Directed by Paul Haggis, starring Sandra Bullock, Don Cheadle, Matt Dillon, Jennifer Esposito, William Fitchner, Brendan Fraser, Chris 'Ludacris' Bridges, Thandie Newton, Michael Pena, Shaun Toub, Ryan Phillippe and Larenz Tate.

'Crash's writer-director Paul Haggis was car-jacked at gunpoint coming out of a video shop in Los Angeles. Fearful, he changed all the locks in his home. Curious, he began thinking about the minds of the criminals. Inspired, he decided to write about it from their point of view. After 9/11, what would be the theme of the film seemed all the more important.

Similar to Paul Thomas Anderson's 'Magnolia', 'Crash' shows 13 people's lives collide within 36 hours in LA. It looks at the prejudices and racism found in everyday life, the fear of strangers, the attempts to rationalise the cause.

Graham Waters (Cheadle) puts it best: "It's the sense of touch. In any real city, you walk, you know? You brush past people, people bump into you. In LA, nobody touches you. I think we miss that touch so much, that we crash into each other, just so we can feel something."

Waters is an African-American police detective who is torn apart by the fact that his drug-addicted mother loves his criminal brother more than him. And his partner and girlfriend, the Hispanic Ria (Esposito), is being driven away by his emotional distance and racial insensitivity.

Jean Cabot's (Bullock) nightmare, and her fear of strangers, comes true when she and husband Rick (Fraser), a District Attorney, get car-jacked by African-American criminals Anthony (Ludacris) and Peter (Tate).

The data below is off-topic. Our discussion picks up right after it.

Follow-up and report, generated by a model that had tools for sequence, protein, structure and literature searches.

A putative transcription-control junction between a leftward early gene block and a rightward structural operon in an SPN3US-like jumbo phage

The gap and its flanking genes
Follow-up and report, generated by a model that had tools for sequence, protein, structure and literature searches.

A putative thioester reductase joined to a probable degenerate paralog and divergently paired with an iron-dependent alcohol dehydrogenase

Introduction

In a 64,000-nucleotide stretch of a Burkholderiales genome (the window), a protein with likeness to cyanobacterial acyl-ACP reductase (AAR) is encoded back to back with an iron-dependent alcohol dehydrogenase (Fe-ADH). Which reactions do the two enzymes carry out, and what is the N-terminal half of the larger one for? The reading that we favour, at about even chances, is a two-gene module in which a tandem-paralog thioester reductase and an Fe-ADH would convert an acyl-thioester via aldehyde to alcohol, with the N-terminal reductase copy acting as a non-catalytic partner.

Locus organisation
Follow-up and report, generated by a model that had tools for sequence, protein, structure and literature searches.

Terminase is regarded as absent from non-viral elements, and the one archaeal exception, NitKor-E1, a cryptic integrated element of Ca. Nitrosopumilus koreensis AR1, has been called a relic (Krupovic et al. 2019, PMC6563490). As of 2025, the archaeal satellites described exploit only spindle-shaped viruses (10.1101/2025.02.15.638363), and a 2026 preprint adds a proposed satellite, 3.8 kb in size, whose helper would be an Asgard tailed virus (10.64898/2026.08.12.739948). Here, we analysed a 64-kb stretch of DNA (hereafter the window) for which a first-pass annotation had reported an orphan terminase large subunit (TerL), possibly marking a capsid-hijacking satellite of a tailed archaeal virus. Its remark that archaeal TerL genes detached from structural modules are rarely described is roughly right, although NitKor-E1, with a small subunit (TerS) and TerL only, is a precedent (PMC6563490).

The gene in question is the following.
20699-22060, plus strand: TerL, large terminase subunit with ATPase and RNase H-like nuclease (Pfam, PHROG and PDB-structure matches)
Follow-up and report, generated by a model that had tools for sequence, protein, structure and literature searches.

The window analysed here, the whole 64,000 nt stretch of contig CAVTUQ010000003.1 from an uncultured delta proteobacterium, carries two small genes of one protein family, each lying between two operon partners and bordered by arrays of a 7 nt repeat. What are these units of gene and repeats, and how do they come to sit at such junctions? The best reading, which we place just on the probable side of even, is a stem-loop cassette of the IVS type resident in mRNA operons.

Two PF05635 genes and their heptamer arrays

Daniel (Pena), a Mexican locksmith is a loving father to his young daughter, but someone wants revenge on him for something he didn't do. A Persian shopkeeper, Farhad (Toub), goes to Daniel's house with the gun that he bought to protect his family in the wake of 9/11.

Cameron (Howard) is a rich African-American television producer, married to the beautiful Christine (Newton). While innocently driving home from a party, they are pulled over by Officers Ryan (Dillon) and Hansen (Phillippe). Ryan is a prejudiced policeman who subjects both to a debasing interrogation and carries out an intense search on Christine. The young and open-minded Hansen is disgusted by his partner's behaviour.

Ryan's story is the most harrowing. Firstly, he's a power-tripping racist, then, in some amazingly poignant scenes, we discover he's a loving son and helpless carer to his ill father. This good/bad juxtaposition, seen in all the characters but to a lesser extent, is one of the damning realities of the film.

It's also Ryan who meets the violated Christine for a second time in the 36 hours, but this time in a life or death situation. Forcing the two to meet again, in one of the most overwhelming scenes of the film, shines a more disturbing and sickening light on prejudice.

A seamless continuity ties all these complex crashes together. Characters career into each other's lives, sometimes in cars, sometimes in diatribes, but always with the same biased approach. The use of different styles of music that the characters listen to is just another subtle hint at an interracial world. But while 'Crash' can't solve the problem it tries to attack, it gives a little insight and offers the ultimate realisation that nobody knows who they really are.

Impact. That's what this gritty film has. With a rake of top class performances from top class actors, Paul Haggis manages to hammer his point home, scene after scene through a deftly written script, humour, action and seriousness. It's a gripping film, unpredictable through its complexities and provocative.

Poignant, beautiful, disturbing and definitely worthy of your time.

Patricia O' Callaghan